Historical fiction: The tragic life of Albrecht von Haar in journal format
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Category — family

Death threat

I received a death threat his week. It is my first. I am treating it seriously as some of my academic colleagues have also received such threats. I contacted the Berlin police and have recorded a complaint.

The threat was hand-written and placed in a simple envelope with a swastika stamped on it. Strangely, there was also a soiled boot heel mark on the back of the envelope used clumsily as a seal. Not very subtle, all in all.  The police were somewhat sympathetic, but warned me that the threat could have been made to appear to come from the Nazis when it fact it may have come from some other quarter. The writer, or writers, warned me to stop publishing comparisons of German economic and military moves to that of Japan… particularly Japan’s Manchurian invasion and Chinese machinations. The note also referred to my Jewish heritage  and that I should leave Germany for my ‘health.’

By taking the threat seriously, I think I’ve done the prudent thing. I’ve taken out a 25,000 mark life insurance policy that is payable to my brother Hans. I had dinner with him last night  and  explained the whole situation. I asked that he take care of Ada  if something should happen to me. He was quite upset, but I insisted that he give  15,000 marks to Ada and the rest to himself. My father in Bavaria is fairly well off with his pension and his book revenues, so I’m not so much worried about him and my mother. Ada and Hans, on the other hand, could use some help if I disappear from the scene, so to speak.  I am not going to tell Ada of this affair as she would only become overwrought and would insist that I curtail certain aspects of my publication. That I will not do.

Hans asked me if I had any personal protection, such as a gun or even a knife. I do not, but I replied that I will give it serious thought.

January 23, 2011   No Comments

My father the (retired) general’s German / Japanese fixation

JAPAN TOURISTS MAKING FRIENDS WITH AN OLD MAN ...
Image by Okinawa Soba via Flickr

My father the retired general and I had a rather long discussion today, sometimes heated, about the Japanese situation.

He has long admired Japan and its ruling class. He has written a book and lectured on the topic.  He religiously compares Germany’s destiny in Europe to that of Japan’s undisguised determination in Asia.

The dissenting  point I made in our argument was that Japan’s long standing ambitions in Manchuria and other parts of China and Korea will inevitably bring it into conflict with the United States and possibly Britain. I also pointed out that if Germany continues to likewise cast its eye on the vast grain fields and oil fields to the East, as my father suggests it should, our Fatherland will run afoul of  Britain, France and the United States, not to mention Russia.

In this kind of war-gaming we frequently engage in ( I’m no military man, I’m an academic! )  I hold strongly to my conviction that Germany can never win a two front war. My father is not convinced. Even when I remind him that when the Bolsheviks sued for peace in the Great War and we were able to completely focus our military resources on the Western Front, we still could not win. Then I hear the usual shit from the general that the Great War was lost at home by traitors, not at the front. I never fail to point out that the German army lost the war when they failed to take Paris in the first few months of the conflict and the coup de grace occurred when a million fresh troops from the U.S. joined the fray in 1917.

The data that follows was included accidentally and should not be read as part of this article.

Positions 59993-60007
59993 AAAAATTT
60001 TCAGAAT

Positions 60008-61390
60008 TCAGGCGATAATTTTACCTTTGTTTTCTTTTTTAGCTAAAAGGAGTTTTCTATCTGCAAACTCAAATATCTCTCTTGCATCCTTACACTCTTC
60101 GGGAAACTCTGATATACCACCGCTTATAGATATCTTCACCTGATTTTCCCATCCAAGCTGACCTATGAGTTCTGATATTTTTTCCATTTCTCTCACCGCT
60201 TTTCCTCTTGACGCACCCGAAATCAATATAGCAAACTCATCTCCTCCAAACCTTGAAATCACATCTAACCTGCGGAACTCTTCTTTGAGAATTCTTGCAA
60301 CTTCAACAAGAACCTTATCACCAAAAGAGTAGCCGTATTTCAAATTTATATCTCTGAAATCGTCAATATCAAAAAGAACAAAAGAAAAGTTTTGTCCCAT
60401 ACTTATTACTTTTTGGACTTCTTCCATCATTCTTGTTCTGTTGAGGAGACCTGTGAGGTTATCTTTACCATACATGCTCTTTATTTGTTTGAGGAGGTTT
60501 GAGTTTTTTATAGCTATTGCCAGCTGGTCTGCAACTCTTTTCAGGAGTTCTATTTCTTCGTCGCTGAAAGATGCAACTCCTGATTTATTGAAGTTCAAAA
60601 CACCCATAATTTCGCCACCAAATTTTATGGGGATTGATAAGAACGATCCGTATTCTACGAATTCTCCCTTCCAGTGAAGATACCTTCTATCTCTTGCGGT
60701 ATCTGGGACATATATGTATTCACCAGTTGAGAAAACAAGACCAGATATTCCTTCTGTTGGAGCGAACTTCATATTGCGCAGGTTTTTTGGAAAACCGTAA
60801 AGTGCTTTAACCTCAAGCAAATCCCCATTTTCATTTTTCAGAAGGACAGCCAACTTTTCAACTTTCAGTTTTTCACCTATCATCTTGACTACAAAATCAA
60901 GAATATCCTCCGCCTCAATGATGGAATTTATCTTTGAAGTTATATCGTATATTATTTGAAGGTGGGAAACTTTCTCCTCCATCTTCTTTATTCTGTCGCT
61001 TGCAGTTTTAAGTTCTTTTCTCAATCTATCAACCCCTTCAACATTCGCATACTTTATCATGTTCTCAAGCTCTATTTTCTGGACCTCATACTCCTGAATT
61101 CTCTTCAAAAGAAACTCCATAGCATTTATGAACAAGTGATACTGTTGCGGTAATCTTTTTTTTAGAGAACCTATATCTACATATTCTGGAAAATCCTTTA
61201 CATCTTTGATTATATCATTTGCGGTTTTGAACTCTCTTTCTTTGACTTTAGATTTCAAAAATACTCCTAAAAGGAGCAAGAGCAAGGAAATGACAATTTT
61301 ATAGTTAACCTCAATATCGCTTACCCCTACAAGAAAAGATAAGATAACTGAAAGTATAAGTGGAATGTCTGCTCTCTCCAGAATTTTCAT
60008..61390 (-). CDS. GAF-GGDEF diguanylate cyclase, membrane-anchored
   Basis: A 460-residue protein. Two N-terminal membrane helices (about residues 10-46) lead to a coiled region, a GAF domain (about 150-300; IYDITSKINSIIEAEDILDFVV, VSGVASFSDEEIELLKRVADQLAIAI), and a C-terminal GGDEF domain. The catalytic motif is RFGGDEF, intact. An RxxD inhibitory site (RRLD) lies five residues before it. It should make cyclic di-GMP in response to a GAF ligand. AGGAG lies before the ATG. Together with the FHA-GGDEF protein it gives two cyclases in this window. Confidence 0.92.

Countering, my father argues  that he has no esteem for the United States. He feels it is too far away, is now isolationist and has no interest in European politics or war. I cautioned my father that Germany is currently in no condition to go to war over anything, much less lebensraum. The French have a sword hanging over our head with 200 divisions on the border and Russia is too vast to conquer, as Napoleon found out.

We both did agree that Britain is too war weary to care a whit about any German plans to expand in the East. They lost the flower of their aristocracy in the Great War and have no stomach to once again police German actions.

We have no standing army, navy or decent political leader, so my father the general’s geoploitical ambition for Germany to turn Eastward is nothing but poppycock. Talking about geopolitics does serve to get us through two excellent cigars.

Father warned  me to watch this Hitler fellow. Hitler could make things happen for Germany, he said. After all, ten years ago my dear  father the general had tutored Hitler’s closest friend, our good Rudolph Hess, about Germany’s destiny to rule central and eastern Europe. Hess had not been the brightest student, father has rued many times, but herr  Hess makes up for lack of intellect with ambition, drive, and now, the ear of Adolph Hitler. I tell my father I am watching Hitler and his minions and am particularly sensitive to their antisemitism. He glanced at my mother and nodded knowingly.

“If that son of a bitch can put Germany back on the map. I’ll be a happy man. But watch his cronies. I agree many of his advisors are dangerous to people like us.”

“What do you mean, ‘ people like us’, ” I asked.

“People who think for themselves.”

We closed our talk with some schnapps and agreed to discuss Japan again the next time I came south to visit. My brother Hans arrived in the evening and we had a late supper. Hans mentioned that the communists and Nazis are fighting violently in the streets of Munich. This is nothing new.  I return to Berlin in the morning.

April 17, 2010   No Comments